Archived Fact Sheet
World Food Summit: five years later
Early Famine Warning
Makes details available at World Food Summit
June 12, 2002
The U.S. Agency for Development released June 11 the following fact sheet on its Famine Early Warning System Information Network:
FAMINE EARLY WARNING SYSTEM INFORMATION NETWORK (FEWS NET)
What is FEWS NET?
The Famine Early Warning System (FEWS) is a specialized Information Network (NET) based in developing countries contending with chronic food insecurity. FEWS NET is a partnership-based program initiated and funded by the U.S. Agency for International Development (USAID). It is designed to build international, national and sub-national networks that help reduce food insecurity in countries where the political leadership is committed to assuming greater responsibility for the food security of their population.
The Role of FEWS NET In Preventing Famines
How FEWS NET Operates
The FEWS Information Network sifts through information provided by multiple technologies located both in the skies and on the ground. It then pieces together a picture of the threat to food security for key decision makers. For example, it draws on information derived from satellites for early identification of drought, cyclone, and floods. It collects information gathered by extension agents, and health and local government officials to determine if health, conflict or other factors are affecting people's access to food. Knowing what crops farmers are planting, tracking food prices at regional markets, and monitoring the extent of malnutrition and HIV/AIDS are all vital statistics fed into the FEWS NET system.
As independent actors who are neither government officials nor assistance providers, FEWS professionals on the ground serve as honest brokers and trusted advisors. They work closely with agricultural ministries and other counterparts within and outside of government. This reputation often allows FEWS to facilitate a joint public-private response at the policy and operational level. By organizing regular dialogue among disaster, water, climate, and health officials, the most vulnerable groups can be identified and helped in a systematic fashion.
Why was FEWS NET started?
The famines in Ethiopia and the Sahel in the 1970s and 1980s were caused by extreme drought. Because information systems did not exist to provide warnings of the early states of these droughts, the food aid emergency response by the international community was too little and too late to avoid famine. Famine early warning systems were born in Ethiopia and the Sahel to monitor droughts and identify the people most likely affected.
The Famine Early Warning System (FEWS) was developed by USAID in the late 1980s to assist those efforts, as well as to help U.S. food aid and disaster officials identify any future need for early drought responses in high-risk areas. USAID believed that early detection of drought was feasible given existing satellite-based technology available within the United States Government, using National Aeronautics and Space Administration (NASA) and National Oceanic and Atmospheric Administration (NOAA) satellites.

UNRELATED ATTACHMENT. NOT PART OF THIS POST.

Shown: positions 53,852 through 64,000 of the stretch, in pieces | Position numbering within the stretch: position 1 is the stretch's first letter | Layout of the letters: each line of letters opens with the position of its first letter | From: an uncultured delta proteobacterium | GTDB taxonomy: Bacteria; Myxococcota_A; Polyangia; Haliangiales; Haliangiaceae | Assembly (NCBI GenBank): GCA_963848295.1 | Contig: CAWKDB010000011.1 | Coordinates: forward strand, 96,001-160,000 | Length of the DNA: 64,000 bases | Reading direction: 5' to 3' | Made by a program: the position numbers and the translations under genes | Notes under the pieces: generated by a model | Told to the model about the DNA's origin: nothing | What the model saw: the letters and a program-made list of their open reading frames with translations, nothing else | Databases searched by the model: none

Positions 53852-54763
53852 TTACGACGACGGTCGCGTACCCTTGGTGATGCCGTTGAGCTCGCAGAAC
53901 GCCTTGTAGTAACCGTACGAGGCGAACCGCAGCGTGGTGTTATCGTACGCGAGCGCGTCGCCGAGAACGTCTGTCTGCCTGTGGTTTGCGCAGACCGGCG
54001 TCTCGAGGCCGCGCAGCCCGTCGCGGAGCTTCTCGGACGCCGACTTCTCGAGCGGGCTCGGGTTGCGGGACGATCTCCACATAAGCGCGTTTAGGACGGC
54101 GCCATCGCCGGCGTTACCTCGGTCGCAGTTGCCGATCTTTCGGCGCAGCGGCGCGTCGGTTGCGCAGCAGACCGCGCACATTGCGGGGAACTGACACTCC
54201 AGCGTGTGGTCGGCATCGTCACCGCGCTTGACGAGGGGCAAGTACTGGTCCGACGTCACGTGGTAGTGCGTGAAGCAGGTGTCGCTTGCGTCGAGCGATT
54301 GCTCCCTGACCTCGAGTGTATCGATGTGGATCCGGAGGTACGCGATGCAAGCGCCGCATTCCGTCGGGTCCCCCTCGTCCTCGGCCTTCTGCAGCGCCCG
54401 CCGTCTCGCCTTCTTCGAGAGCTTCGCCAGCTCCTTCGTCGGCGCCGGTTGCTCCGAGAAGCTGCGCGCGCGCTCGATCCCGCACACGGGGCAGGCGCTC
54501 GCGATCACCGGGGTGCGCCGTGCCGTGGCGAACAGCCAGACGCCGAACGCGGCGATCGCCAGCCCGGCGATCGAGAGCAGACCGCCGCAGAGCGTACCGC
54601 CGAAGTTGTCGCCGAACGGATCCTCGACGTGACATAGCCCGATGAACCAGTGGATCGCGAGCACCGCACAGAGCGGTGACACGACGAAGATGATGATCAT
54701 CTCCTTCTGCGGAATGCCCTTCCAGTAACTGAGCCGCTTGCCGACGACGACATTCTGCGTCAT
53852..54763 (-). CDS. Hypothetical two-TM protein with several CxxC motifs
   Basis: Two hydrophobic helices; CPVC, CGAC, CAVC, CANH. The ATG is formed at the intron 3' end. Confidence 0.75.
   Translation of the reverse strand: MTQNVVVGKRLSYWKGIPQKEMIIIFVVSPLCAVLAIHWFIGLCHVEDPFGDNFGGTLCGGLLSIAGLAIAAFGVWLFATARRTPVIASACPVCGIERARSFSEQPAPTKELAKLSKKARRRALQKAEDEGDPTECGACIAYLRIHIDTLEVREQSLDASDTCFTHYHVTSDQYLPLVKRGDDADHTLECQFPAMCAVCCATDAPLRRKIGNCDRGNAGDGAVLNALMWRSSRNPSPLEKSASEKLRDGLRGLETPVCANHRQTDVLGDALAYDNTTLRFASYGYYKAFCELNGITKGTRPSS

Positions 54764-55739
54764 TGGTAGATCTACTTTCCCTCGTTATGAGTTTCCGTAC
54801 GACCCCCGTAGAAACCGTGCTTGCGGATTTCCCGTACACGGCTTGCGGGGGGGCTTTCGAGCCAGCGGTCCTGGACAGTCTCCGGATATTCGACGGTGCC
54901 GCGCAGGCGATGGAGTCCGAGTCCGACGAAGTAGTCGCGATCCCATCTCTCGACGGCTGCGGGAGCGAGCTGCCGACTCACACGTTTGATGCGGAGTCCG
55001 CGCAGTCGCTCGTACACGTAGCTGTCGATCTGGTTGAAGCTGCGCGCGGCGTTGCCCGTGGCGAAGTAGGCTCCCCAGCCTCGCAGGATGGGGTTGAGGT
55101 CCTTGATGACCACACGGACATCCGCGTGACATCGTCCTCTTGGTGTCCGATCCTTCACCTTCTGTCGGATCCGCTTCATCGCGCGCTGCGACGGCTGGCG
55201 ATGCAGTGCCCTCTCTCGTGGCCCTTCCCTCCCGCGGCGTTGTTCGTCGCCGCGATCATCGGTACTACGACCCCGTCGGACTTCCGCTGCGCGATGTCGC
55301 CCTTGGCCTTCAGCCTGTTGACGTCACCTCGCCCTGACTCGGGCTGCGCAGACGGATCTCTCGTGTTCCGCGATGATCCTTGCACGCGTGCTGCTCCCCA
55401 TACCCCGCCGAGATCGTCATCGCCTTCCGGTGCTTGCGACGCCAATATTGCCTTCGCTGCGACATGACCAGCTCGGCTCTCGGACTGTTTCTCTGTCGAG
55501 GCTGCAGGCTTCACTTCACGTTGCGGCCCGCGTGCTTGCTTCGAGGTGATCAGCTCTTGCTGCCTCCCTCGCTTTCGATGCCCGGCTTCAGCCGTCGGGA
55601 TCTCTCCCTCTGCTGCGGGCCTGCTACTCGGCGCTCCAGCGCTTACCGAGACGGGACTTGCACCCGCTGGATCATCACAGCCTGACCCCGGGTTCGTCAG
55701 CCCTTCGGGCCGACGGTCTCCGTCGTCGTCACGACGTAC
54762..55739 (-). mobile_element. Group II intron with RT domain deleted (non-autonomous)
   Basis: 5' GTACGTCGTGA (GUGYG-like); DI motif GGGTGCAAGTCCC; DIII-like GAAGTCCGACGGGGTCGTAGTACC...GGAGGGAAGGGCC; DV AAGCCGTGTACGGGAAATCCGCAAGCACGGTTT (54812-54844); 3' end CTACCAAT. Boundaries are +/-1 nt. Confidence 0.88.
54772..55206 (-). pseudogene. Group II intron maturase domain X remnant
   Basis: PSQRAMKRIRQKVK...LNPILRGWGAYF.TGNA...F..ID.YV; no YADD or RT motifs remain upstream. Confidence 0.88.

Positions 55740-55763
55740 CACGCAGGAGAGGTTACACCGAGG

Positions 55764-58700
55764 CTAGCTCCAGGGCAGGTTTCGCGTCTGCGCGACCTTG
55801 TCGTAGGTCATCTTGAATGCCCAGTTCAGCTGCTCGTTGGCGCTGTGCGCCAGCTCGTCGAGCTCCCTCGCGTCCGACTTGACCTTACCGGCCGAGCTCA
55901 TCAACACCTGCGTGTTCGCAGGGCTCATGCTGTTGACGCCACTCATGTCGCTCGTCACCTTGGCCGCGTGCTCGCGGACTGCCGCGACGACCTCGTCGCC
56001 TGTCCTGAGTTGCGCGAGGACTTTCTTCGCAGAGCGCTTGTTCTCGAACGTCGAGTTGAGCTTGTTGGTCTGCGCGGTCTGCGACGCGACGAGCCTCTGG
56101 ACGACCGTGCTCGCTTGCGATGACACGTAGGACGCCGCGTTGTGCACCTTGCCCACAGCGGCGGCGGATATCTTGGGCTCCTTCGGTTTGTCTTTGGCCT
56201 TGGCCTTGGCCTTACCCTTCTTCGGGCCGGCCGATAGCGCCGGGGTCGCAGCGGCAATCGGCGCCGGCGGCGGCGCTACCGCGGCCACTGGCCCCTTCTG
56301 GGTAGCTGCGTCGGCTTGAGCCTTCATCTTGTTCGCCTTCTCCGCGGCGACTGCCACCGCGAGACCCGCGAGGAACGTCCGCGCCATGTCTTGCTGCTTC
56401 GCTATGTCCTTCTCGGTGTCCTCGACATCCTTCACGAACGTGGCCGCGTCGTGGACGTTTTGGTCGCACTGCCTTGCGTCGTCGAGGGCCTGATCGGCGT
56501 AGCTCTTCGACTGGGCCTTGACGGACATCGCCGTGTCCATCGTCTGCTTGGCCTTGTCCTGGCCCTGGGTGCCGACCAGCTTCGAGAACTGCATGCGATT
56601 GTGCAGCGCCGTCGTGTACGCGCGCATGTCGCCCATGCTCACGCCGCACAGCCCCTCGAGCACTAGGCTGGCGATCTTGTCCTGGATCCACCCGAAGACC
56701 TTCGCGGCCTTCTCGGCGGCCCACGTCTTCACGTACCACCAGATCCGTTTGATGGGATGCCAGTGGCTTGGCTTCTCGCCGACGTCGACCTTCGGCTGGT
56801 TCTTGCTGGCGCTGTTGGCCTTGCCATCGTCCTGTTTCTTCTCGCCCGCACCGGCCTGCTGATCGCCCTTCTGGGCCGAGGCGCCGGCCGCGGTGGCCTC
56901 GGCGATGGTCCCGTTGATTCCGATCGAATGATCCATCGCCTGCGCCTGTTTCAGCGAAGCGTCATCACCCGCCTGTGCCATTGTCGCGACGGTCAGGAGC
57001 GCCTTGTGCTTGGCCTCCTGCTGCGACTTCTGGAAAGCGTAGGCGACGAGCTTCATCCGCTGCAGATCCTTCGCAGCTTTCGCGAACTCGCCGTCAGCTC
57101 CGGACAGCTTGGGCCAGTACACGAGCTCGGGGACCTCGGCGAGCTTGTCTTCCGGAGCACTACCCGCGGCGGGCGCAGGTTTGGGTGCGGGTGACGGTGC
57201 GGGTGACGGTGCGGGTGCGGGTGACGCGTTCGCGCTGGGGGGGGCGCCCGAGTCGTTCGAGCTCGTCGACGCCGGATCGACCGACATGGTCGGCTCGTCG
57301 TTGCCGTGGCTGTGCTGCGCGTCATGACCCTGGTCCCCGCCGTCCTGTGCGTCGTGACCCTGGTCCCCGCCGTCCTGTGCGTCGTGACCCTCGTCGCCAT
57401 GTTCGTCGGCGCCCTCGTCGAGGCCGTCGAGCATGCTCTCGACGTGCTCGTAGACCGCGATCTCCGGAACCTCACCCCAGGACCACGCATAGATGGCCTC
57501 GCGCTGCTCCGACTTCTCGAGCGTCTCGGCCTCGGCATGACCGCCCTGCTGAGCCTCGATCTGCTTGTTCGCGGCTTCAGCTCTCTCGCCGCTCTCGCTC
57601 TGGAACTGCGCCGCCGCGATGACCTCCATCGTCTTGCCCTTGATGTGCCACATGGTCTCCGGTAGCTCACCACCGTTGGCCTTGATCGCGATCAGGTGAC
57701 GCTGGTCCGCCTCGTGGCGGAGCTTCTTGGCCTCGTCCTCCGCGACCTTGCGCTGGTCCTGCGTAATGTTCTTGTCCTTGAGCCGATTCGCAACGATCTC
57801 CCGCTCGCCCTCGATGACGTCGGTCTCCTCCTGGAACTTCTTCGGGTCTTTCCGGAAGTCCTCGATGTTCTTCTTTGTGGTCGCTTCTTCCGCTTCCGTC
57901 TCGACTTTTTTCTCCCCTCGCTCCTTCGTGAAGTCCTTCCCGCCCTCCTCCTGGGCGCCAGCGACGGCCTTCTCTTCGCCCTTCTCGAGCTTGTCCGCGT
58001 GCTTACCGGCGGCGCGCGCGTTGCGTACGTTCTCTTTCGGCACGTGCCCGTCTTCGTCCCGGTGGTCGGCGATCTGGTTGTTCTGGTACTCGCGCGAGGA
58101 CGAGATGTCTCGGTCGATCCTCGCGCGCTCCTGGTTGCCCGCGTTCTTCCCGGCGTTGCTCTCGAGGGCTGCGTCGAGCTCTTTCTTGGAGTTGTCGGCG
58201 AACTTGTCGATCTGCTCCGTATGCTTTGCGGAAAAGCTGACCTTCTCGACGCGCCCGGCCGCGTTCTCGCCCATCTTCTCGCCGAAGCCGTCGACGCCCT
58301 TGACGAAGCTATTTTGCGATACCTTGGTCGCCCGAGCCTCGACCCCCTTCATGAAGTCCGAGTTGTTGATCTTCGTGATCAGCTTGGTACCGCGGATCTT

How Have Famine Early Warning Systems Performed?
Serious droughts have threatened food security throughout sub-Saharan Africa in the years since early warning systems have been in existence. Serious droughts have not become famines in the Sahel, Southern Africa or Ethiopia, primarily due to a combination of early warning and early public action. USAID believes that wherever governments are focused on assisting people, are vigilant and govern responsibly, neither drought nor flood should lead to the famines experienced in the past.
The lack of democracy and a free press and the presence of conflict and disease pose serious food security threats in areas periodically affected by drought and other natural disasters. Since famine early warning systems work best where government commitment and access to at-risk areas exist, the greatest food security threats occur in countries where this lack of commitment and access persists. Thus, while satellites, for instance, can provide an early warning in cases of slow-onset disaster such as drought, data alone cannot overcome man-made problems, such as when conflict cuts off humanitarian assistance providers' access to populations at risk.
Important Guiding Principles in the FEWS NET'S Approach
Public Sector Decision Makers in Food Insecure Countries:
If you would like assistance from FEWS NET to identify ways that an information network might best meet your decision-making needs and/or identify possible ways that USAID could assist you, please contact your local USAID Mission Director.
The Private Sector in Food Insecure Countries:
Contact details for the roster of FEWS NET field representatives can be found online at www.fews.net.
(Distributed by the Office of International Information Programs, U.S. Department of State. Web site: http://usinfo.state.gov)